7 tips to make the most out of Bali #NotATourist

Julia and I are constantly travelling, so we’ve teamed up with Visa to bring you our essential travel tips so you’re prepared for your next trip to our favourite destination, Bali! We want you making the most out of your trip to Bali, and explore outside of the usual tourist landmarks – so follow these simple steps for an enjoyable, stress free trip as a traveller and #NotATourist.

Motel Mexicola

Be early When travelling long haul, I try to make sure I arrive at the airport as organised as possible. Pack a few days in advance and have all electronic devices fully charged, as there’s nothing worse than having to find a wall plug at the airport to charge an ipad or mobile. Research what will be the most cost effective way to travel to and from the airport and book transport two days prior. Or if you’re driving, pre-book your parking. Always arrive early – you’ll avoid queues, and can check in earlier, which means you may be able to pick where you want to sit!

Be prepared Purchasing travel insurance is a no brainer. It can save you a fortune if something does go wrong . There are scary stories out there from people who haven’t purchased travel insurance and have had to deal with medical emergencies, lost luggage, pick pocketing and cancelled flights! On my last trip to Bali I lost count of the amount of tourists I saw that had bandages on their arms and legs from falling off their scooters. Shop around for a good deal on travel insurance, read the fine print and keep any reference details on you when travelling. When booking a return flight, some Visa cards come with travel insurance. (AND if you lose your card while you’re away, they will replace it, wherever you are*.) *www.visa.co.nz/travel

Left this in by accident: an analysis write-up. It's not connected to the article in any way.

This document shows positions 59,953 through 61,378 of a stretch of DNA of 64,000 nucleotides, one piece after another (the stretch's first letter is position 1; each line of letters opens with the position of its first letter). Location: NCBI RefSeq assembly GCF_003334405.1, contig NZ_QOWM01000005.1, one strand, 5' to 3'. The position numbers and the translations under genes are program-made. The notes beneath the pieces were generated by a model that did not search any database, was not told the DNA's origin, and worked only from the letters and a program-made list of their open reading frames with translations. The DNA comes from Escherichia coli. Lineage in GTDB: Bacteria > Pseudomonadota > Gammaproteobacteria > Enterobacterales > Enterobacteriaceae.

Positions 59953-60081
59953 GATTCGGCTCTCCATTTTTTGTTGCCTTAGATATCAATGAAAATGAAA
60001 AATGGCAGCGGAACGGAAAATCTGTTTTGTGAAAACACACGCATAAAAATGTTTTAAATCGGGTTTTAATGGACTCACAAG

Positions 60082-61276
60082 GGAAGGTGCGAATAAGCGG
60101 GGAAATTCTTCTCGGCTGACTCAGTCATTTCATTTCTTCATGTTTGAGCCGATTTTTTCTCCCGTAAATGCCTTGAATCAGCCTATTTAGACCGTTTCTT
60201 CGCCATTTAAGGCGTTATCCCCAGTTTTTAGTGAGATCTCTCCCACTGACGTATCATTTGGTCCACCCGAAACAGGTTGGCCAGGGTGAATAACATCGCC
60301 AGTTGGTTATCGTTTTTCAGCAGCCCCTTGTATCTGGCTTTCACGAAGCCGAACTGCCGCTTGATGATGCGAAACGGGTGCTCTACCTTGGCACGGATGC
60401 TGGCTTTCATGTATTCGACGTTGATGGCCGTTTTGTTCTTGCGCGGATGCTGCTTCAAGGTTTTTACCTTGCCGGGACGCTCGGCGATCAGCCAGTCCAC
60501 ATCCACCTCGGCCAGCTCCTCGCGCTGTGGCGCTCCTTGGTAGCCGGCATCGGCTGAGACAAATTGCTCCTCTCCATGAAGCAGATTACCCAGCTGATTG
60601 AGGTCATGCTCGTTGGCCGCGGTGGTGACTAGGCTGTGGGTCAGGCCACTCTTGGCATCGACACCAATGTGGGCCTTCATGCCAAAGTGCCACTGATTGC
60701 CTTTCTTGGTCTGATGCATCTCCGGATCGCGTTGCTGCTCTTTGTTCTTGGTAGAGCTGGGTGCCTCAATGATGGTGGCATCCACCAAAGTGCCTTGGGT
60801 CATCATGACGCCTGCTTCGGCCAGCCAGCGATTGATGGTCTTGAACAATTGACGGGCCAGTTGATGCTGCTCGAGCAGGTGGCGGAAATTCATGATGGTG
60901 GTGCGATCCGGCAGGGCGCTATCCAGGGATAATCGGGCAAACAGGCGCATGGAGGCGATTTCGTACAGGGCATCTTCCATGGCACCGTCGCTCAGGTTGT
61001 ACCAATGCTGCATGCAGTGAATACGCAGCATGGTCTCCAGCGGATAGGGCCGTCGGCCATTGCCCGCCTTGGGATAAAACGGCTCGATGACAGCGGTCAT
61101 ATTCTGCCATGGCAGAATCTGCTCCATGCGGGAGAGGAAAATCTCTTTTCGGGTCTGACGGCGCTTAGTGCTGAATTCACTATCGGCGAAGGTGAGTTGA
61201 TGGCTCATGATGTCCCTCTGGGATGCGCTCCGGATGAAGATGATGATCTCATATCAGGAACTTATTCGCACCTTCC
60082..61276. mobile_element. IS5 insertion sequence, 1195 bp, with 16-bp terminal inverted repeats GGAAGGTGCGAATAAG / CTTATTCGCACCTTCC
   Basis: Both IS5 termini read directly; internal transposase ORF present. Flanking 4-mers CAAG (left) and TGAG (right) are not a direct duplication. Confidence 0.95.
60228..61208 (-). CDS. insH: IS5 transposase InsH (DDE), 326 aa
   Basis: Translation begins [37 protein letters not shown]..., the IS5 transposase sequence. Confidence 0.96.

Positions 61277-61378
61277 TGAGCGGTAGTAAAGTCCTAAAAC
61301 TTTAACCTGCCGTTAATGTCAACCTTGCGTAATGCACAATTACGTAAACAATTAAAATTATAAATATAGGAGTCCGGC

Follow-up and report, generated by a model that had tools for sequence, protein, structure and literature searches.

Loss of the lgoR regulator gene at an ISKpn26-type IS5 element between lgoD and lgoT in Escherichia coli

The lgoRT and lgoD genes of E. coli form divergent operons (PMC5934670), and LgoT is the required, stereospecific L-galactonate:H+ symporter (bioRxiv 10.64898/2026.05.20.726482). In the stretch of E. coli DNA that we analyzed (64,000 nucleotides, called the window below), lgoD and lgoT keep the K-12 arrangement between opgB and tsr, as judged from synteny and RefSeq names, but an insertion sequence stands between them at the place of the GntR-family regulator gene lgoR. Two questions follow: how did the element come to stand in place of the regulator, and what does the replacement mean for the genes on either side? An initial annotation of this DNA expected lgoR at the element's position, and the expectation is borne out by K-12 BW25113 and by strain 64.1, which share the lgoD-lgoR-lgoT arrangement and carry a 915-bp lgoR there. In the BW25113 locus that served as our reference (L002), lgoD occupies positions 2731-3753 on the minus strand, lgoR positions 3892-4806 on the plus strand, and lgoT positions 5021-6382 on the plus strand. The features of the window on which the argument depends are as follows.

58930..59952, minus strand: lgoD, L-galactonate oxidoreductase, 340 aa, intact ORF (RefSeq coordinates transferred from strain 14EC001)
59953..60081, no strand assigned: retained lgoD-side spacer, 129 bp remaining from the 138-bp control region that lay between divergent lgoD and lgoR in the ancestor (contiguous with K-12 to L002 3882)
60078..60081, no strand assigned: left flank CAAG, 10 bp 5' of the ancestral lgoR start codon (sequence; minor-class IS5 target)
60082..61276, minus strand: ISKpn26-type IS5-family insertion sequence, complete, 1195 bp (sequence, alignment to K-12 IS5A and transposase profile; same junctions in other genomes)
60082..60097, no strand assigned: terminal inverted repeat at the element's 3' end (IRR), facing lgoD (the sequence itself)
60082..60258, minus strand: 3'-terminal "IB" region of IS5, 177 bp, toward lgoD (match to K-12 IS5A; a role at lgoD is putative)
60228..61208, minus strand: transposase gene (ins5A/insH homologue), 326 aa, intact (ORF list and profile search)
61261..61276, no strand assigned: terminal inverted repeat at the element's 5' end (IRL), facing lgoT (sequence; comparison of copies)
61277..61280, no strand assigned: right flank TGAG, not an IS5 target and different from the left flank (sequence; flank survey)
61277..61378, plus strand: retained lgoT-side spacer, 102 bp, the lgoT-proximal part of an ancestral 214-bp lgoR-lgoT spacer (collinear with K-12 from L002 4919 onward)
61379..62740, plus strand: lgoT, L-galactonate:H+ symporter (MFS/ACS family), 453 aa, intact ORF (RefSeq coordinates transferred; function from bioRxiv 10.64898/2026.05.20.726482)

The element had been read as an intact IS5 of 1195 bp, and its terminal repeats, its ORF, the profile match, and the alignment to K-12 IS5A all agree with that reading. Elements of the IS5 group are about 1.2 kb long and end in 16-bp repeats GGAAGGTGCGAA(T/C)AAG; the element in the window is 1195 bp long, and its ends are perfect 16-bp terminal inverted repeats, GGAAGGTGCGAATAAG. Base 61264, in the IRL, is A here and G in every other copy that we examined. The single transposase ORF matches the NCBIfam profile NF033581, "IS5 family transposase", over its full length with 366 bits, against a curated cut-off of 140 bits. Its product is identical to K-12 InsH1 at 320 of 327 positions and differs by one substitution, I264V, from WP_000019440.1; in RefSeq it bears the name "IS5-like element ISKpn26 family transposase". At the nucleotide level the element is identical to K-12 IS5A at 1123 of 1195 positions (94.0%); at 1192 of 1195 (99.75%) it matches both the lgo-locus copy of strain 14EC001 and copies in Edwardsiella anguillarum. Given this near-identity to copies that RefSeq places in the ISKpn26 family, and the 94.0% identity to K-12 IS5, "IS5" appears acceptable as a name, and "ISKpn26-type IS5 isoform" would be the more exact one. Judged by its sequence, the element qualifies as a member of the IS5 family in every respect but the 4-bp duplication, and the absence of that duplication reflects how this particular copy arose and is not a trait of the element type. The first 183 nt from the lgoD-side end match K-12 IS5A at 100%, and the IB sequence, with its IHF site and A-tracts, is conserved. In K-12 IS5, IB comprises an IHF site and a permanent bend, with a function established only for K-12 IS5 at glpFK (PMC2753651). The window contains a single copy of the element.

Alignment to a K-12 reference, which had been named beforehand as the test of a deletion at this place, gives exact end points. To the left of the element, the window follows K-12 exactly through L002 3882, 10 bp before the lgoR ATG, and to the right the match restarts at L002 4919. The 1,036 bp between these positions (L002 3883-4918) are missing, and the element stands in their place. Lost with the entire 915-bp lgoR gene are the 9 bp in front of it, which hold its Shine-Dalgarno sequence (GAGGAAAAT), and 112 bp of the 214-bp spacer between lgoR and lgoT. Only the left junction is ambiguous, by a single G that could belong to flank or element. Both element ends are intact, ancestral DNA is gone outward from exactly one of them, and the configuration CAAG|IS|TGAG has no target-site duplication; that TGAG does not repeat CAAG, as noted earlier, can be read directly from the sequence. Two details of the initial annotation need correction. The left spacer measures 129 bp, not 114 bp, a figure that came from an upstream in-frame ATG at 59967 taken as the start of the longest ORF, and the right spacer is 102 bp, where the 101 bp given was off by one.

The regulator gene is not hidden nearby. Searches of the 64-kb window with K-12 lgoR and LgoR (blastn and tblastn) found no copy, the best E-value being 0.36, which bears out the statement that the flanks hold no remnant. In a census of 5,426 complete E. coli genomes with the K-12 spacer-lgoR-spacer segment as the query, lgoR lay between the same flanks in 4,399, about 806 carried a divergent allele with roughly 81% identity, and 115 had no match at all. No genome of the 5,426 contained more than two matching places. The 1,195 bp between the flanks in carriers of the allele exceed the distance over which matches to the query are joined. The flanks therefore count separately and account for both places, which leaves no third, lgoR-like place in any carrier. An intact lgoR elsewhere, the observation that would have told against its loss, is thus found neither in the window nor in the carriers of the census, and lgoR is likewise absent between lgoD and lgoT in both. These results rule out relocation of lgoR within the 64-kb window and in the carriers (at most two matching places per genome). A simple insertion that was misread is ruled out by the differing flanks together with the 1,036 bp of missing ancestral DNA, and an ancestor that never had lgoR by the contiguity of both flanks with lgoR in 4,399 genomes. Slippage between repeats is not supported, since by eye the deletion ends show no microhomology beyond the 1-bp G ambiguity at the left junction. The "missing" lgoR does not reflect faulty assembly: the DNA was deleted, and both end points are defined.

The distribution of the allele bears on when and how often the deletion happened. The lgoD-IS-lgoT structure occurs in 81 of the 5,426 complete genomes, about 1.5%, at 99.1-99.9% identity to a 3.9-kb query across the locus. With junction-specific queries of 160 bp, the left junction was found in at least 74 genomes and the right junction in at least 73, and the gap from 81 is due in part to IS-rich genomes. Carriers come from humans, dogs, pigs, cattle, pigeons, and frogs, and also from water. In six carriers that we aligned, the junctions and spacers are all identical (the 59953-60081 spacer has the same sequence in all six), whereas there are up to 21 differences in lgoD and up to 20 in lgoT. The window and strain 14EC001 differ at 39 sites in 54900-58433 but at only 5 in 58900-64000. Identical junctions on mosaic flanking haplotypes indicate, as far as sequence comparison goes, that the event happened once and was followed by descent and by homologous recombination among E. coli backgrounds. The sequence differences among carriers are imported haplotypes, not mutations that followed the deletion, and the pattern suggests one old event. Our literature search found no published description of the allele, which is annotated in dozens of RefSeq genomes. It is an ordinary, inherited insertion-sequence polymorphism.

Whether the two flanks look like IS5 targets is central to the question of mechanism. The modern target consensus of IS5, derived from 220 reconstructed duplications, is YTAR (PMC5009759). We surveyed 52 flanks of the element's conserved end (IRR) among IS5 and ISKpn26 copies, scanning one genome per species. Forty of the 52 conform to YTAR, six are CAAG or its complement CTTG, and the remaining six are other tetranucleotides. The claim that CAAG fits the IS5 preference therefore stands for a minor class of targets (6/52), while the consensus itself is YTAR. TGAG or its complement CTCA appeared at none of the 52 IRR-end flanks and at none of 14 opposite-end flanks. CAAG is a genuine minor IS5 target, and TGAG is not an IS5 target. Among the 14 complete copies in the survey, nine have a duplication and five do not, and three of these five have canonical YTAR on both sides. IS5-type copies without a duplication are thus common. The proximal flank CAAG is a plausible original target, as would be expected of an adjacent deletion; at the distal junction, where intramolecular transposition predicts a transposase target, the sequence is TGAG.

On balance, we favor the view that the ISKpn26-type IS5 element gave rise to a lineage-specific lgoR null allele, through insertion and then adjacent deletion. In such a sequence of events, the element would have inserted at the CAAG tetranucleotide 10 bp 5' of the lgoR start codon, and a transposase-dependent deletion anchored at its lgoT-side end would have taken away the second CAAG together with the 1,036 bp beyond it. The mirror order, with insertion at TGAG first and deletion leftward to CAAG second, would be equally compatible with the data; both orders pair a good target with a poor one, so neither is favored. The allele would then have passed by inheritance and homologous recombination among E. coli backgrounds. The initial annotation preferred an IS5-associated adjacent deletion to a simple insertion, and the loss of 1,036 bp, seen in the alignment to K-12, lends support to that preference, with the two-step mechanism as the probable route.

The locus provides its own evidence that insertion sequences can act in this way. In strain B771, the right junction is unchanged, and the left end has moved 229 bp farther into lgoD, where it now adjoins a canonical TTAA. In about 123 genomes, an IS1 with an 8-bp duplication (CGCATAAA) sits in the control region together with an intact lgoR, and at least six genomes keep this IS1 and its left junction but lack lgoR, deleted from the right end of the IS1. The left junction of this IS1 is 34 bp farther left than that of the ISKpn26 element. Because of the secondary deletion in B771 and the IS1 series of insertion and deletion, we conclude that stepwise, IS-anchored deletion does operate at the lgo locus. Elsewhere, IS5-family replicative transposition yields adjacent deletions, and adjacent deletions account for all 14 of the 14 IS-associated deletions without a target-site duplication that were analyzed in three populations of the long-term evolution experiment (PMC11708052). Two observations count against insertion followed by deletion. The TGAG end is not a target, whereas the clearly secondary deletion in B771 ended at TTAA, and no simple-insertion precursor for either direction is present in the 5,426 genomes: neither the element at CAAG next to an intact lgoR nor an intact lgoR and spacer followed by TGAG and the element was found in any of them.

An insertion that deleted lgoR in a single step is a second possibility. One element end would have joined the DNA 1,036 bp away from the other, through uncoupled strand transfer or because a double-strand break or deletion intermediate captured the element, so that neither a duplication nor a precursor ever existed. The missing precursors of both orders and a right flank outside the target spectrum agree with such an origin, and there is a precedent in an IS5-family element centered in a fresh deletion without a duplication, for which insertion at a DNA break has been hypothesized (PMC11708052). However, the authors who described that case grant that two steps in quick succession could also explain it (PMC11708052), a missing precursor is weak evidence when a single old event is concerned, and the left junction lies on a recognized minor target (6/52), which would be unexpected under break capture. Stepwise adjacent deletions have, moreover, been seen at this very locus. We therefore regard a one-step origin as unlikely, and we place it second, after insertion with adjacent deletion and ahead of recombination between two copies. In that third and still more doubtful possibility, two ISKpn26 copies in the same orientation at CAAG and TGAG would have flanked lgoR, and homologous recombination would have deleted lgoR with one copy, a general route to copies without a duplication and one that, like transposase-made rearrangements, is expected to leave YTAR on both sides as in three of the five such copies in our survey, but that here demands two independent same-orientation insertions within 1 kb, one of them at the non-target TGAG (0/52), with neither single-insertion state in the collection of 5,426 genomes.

Know what to wear Flying can be uncomfortable if you are not dressed in appropriate clothing. Loose fitting clothing is always the best option - trying to curl up in skinny jeans and a tight fitting top is not ideal! Don’t forget to layer your clothing and wear flat shoes that have some room in them in case your feet swell during the flight. Compression stockings or socks will help prevent swelling of the legs and feet and help guard against Deep Vein Thrombosis (DVT). When visiting temples in Bali, both men and women are expected to wear shirts and cover shoulders and the upper arms. You’ll need to cover your legs too - most temples have sarongs and scarves you can hire if you aren’t wearing proper attire.

Ayana Resort

Currency When travelling to Bali I always make sure I exchange some of my money into Indonesian Rupiah for arrival. There are money changers and ATMs everywhere so if you do run out of cash it is easily accessible to exchange more. I’m always cautious about carrying a large amount of cash around with me so I’m usually armed with my Visa debit card which can take care of meals, shopping, accommodation and activities too. When arriving in Bali you will need to purchase a 30 day travel visa which costs approx. $35 US dollars, and you’ll need to pay that when you leave too. Don’t be caught out – be prepared.